Yesterday I was riding the elevator of my building with a neighbor of mine who was dog sitting for a friend of hers, At the end of the ride, I turned towards the door and the dog abrubtly jumbed to my stomach biting me very quickly. She pulled him back, but he had already punctured my skin. I walked to the entrance of the building, to meet my wife, where I saw the dog try to jump on two passer bys. Afterwards, I went to my neighbors door and asked her to find from her friend his vaccination records. I also filed a dog bite report with 311 NYC health dept but I was told I need to give them the info for the owner which I did not have; I only told them the first name and address of my neighbor. I subsequently saw my doctor for a tetanus and he subscribed antibiotics. What should I do?
You did the right thing reporting the incident and and seeking medical care. If you have scarring, you may have a claim against the dog owner and building if the dog has vicious propensities, meaning there are prior incidents of that dog biting, acting aggressively or causing injury.
If the elevator has surveillance ask the building to save it. In order to sue you need to show that the owner and/or building knew the dog had vicious propensities. If you have injuries worth pursuing your lawyer will want to have an investigator get sworn statements from people in the building about the dog.
While you mention she pulled him back, you don't say whether the dog was on a leash. If so, was she holding the leash before the attack? There are other ways than showing a prior dog bite to prove vicious propensity. I accomplished this once by noticing in photos of the scene that a couple of spindles were missing from the staircase. When pressed at the EBT, the owner testified that the dog had been tied up there regularly and that when the doorbell would ring the dog would bark, growl and strain at the tether. The dog was admittedly tied up for the safety of visitors and, thus, there was notice of the dog’s vicious propensity.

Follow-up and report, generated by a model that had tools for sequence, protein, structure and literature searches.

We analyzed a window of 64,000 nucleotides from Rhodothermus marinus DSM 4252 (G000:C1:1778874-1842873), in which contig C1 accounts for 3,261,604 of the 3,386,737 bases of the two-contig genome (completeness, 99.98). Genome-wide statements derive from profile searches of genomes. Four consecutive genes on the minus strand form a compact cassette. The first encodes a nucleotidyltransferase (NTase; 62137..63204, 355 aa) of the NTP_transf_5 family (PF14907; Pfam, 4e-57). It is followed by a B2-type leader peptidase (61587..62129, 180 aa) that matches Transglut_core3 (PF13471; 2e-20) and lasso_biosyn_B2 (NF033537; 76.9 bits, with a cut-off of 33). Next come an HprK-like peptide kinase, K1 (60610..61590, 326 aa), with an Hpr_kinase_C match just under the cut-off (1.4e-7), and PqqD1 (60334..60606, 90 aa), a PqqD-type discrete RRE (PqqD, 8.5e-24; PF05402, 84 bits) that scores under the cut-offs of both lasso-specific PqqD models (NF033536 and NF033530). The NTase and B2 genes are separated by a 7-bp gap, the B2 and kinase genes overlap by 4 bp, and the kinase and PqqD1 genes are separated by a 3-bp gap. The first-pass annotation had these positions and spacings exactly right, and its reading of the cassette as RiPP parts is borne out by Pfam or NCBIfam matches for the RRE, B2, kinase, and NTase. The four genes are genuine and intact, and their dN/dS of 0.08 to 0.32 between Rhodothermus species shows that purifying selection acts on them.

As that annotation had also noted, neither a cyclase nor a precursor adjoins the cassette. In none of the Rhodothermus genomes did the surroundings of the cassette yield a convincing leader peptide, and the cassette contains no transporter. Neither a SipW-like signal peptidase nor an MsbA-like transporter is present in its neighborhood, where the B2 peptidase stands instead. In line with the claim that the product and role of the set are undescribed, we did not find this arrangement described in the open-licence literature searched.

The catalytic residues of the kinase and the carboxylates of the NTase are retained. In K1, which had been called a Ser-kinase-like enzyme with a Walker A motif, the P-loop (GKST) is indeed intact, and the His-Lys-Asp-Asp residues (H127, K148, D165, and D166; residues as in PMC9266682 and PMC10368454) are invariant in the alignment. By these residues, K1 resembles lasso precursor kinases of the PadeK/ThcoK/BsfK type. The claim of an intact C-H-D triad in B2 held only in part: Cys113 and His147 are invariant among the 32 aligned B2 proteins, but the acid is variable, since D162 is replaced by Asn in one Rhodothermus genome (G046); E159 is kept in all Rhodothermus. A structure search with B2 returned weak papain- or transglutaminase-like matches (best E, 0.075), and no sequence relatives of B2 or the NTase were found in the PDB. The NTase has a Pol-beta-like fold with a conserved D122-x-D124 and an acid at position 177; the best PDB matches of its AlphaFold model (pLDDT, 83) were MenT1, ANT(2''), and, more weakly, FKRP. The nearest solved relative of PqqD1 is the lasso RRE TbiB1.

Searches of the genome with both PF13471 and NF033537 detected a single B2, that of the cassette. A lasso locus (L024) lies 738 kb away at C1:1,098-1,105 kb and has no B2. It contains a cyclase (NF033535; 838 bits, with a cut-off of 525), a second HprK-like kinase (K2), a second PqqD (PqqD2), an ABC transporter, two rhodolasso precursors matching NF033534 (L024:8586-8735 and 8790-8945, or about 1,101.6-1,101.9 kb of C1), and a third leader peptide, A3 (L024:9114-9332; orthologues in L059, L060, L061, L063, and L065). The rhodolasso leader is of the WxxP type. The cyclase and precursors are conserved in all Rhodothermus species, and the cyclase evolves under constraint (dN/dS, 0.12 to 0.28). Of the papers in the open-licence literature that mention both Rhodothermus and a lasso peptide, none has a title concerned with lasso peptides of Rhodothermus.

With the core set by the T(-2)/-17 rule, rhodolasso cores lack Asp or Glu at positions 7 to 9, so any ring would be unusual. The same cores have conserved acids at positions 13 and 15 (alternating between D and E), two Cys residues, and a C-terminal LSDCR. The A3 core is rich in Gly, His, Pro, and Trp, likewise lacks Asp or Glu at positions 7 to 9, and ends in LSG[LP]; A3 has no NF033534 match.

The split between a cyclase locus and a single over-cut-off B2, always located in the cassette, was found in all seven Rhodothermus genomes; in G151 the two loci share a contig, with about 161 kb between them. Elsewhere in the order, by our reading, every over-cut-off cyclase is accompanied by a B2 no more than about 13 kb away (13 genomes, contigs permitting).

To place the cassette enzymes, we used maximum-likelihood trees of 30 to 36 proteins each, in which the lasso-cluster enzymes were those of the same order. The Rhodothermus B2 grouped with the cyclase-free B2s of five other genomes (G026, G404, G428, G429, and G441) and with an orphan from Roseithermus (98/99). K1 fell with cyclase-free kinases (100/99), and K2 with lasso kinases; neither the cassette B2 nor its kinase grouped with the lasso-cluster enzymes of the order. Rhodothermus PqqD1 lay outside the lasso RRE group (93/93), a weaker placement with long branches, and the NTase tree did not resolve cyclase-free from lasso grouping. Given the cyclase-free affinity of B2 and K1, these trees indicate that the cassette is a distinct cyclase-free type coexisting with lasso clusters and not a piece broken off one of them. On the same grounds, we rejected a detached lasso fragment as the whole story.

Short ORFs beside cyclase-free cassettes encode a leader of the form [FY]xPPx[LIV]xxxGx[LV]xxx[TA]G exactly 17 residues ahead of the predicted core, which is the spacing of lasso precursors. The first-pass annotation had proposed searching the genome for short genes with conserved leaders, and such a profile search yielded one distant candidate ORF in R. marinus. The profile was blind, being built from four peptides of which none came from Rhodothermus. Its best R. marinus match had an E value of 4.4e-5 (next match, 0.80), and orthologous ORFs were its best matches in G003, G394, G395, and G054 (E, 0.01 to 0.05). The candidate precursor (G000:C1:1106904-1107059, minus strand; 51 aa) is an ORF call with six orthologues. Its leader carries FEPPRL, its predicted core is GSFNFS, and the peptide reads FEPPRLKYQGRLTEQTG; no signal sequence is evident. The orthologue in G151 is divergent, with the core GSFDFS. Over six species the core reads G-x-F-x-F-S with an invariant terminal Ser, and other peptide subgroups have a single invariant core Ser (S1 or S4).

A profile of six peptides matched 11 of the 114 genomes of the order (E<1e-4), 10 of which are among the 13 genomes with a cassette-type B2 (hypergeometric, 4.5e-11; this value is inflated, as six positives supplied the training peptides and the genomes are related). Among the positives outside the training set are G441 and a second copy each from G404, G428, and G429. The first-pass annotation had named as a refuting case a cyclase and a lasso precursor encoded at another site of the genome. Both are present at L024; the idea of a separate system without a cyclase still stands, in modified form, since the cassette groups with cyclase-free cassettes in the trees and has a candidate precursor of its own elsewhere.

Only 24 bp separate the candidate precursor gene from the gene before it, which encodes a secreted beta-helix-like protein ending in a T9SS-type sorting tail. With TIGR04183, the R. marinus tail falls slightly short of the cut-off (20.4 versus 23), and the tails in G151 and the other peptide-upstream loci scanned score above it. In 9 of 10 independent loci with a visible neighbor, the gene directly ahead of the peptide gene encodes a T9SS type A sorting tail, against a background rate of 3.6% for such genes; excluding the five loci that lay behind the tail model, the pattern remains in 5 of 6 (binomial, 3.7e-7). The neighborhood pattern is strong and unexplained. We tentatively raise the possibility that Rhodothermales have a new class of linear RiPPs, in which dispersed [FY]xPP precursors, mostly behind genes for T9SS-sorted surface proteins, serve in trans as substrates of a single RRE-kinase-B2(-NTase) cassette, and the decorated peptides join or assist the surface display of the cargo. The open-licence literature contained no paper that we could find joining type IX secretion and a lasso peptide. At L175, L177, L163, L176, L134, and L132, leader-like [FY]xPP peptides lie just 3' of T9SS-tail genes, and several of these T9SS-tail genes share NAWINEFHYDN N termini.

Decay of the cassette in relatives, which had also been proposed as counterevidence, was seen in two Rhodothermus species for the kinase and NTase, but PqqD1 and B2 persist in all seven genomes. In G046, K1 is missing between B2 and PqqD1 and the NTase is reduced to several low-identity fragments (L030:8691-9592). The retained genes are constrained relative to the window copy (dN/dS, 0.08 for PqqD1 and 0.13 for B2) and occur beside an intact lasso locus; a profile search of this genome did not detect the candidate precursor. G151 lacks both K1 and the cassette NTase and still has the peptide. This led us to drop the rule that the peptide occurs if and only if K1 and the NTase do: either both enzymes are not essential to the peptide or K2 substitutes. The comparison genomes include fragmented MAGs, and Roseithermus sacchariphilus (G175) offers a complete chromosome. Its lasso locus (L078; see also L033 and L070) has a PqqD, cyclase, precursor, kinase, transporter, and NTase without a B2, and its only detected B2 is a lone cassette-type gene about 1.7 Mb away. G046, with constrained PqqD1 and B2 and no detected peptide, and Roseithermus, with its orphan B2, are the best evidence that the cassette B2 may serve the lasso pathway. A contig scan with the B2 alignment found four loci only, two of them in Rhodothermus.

Making a report with the proper authorities is the proper start. You need to determine the name of the dog's owner. The fact that you know the address is a great start. It shouldn't take much to get the owner's name. An attorney should be able to obtain this information. You or your attorney may also need to engage an investigator to investigate the dog's history of prior bites or other "vicious propensities". The fact that the dog apparently lunged at others in your presence wouldn't establish PRIOR vicious propensities, but it might be a good indication of the dog's general disposition. Hopefully your bites heal quickly and without complications.
If you have any ongoing medical issues, such as scarring, then you should contact a New York personal injury attorney. Many are listed on the Find a Lawyer section of this web site, and most initial consultations are free. I practice in Indiana, however Attorney Gennarelli has advised you that in New York the dog would need to have bitten someone else first. This could be investigated by a personal injury attorney if you have ongoing medical issues. Was happy to hear that you filed the bite report, and saw your doctor for a tetanus shot.
Get free answers from experienced attorneys.
27,444 answers this week
2,910 attorneys answering
Don't speak legalese? We define thousands of terms in plain English.Browse our legal dictionary